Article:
In the interests of my own mental health, for much of this current growing year I’ve been trying to spend most of my crop-walking hours in the wheat we drilled in mid-Sept because compared with the later drilled crops or those that didn’t get drilled at all, these ones looked relatively encouraging and full of promise.

But through May this potential started to turn to dust. With just 22mm in April and nothing measurable in May the plants lacked fertiliser, lost tillers and started to roll their leaves. To add insult to injury a smattering of BYDV and blackgrass, that were the price of early drilling, got more prominent each and every day. It reminded me of the old farming law that if you can easily see pheasant and partridge poults running around in a June crop then brace yourself for a bad harvest.

The spring/summer drought of 2020 is shaping up to be more costly than the spring/summer drought of 2018 because it kicked in earlier. April 2018 was positively wet compared to its 2020 counterpart.

I realise that I’m not alone and I do take a rather twisted schadenfreude-based reassurance that it is not just me suffering with the prospect of a very meagre harvest. I like to check national rainfall maps to make sure it’s not just us who are missing the rain and as I pore over these charts I’ve noticed recently they sometimes don’t tell the truth. These maps suggest our little patch of north east Essex caught the benefit of some 5-10mm showers in mid-April.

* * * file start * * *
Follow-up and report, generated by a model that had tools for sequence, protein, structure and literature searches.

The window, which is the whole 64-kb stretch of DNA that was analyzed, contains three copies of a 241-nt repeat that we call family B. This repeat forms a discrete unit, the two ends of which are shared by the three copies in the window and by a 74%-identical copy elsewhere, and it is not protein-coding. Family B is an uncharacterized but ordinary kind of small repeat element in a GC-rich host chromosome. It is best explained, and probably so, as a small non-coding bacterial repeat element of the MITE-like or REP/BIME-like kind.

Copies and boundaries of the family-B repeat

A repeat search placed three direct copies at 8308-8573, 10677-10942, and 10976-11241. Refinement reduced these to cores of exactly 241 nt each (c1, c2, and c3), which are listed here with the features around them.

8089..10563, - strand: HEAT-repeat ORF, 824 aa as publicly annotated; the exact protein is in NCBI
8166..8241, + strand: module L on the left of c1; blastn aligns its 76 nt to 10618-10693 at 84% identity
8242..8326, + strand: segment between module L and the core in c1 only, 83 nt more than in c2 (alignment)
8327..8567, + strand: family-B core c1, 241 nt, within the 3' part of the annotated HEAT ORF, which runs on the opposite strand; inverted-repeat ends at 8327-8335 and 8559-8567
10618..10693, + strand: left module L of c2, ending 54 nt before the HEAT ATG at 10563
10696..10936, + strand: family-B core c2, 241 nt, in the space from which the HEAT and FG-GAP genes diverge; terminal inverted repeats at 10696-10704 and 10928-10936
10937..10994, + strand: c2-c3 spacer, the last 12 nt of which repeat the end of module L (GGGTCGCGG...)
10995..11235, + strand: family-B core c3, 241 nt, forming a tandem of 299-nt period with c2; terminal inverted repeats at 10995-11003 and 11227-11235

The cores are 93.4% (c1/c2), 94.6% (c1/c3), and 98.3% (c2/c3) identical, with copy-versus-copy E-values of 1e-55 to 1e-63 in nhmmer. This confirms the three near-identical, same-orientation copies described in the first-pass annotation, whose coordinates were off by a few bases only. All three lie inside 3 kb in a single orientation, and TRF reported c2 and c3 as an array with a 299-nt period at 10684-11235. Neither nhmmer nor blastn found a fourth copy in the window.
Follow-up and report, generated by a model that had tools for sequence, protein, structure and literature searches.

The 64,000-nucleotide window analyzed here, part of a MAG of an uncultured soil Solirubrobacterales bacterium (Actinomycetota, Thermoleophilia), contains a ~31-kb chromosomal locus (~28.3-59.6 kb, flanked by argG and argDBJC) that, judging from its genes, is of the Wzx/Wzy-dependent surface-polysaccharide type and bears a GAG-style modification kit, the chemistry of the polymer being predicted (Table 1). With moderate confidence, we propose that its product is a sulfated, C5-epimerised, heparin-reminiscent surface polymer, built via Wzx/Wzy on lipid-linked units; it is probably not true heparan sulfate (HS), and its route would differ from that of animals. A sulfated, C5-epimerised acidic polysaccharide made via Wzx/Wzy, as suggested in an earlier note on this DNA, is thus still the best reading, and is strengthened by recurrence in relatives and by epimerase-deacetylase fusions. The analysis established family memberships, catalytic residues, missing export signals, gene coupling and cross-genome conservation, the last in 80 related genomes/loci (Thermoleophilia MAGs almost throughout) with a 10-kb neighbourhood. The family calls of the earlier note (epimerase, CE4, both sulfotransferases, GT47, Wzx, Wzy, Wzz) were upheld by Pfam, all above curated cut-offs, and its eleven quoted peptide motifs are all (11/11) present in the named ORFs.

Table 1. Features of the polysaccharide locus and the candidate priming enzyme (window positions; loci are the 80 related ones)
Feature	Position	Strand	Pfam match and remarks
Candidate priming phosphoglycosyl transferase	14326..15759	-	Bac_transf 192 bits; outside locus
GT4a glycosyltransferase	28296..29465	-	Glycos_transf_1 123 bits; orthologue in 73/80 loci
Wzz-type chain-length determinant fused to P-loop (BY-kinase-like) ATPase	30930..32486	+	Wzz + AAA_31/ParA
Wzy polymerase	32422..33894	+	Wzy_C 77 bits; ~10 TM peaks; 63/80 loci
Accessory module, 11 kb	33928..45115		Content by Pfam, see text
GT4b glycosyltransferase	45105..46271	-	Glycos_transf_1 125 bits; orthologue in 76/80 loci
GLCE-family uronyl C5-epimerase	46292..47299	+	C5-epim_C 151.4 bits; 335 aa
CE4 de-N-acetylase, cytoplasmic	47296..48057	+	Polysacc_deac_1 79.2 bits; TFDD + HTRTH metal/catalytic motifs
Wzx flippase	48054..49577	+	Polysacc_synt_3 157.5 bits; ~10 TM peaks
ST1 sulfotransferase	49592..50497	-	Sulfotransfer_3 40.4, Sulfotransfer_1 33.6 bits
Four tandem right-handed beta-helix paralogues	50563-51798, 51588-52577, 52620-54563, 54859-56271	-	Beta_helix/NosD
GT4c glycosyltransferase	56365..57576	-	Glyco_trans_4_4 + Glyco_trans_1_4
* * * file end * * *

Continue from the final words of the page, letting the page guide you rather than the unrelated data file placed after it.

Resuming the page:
The thing is, actually, we didn’t. I noticed at the time the radar images suggested we were getting a good drenching when it was nothing more than a light mizzle coming out of the sky. There is clearly a discrepancy between what the radar images suggest you’re getting compared with what actually happens on the ground.

Apart from the mental torment, there is another important consequence to watch out from this fake news. Disease pressure alerts are triggered by these same radar images rather than what is in the rain-gauge. Consequently I was being wrongly told there was significant septoria pressure in April and early May that justified a fungicide application. On the ground you could see this was nonsense.

This seems to be a classic case of remotely gathered digital-based data making us stupider rather than more intelligent. Along with my fellow old school crop walkers I can rest assured there’s no substitute for walking the crop. That old adage – the best fertiliser for the soil are the footsteps of the farmer still rings true.

Pole position on biodiversity

In late May I came across this trio of ferrety little friends. Closer inspection of the markings suggested they were polecats. If my limited powers of identifying young mustelidae are correct then this is a truly remarkable thing to come across as I’ve never seen a polecat on the farm before. I take real pride in finding a new species on the farm because I take it as clear evidence my farm is becoming more biodiverse and species-rich rather than less as so as many conservation NGOs would have you believe. This is made all the more palpable by the fact polecats are top predators so if they are doing well then the food chain beneath must also be in good order. The site of these little chaps also cheered me up and with all the bad news about I was in need of cheering up. I hope the photo cheers up others as well.

Guy Smith grows 500ha of combinable crops on the north east Essex coast. @EssexPeasant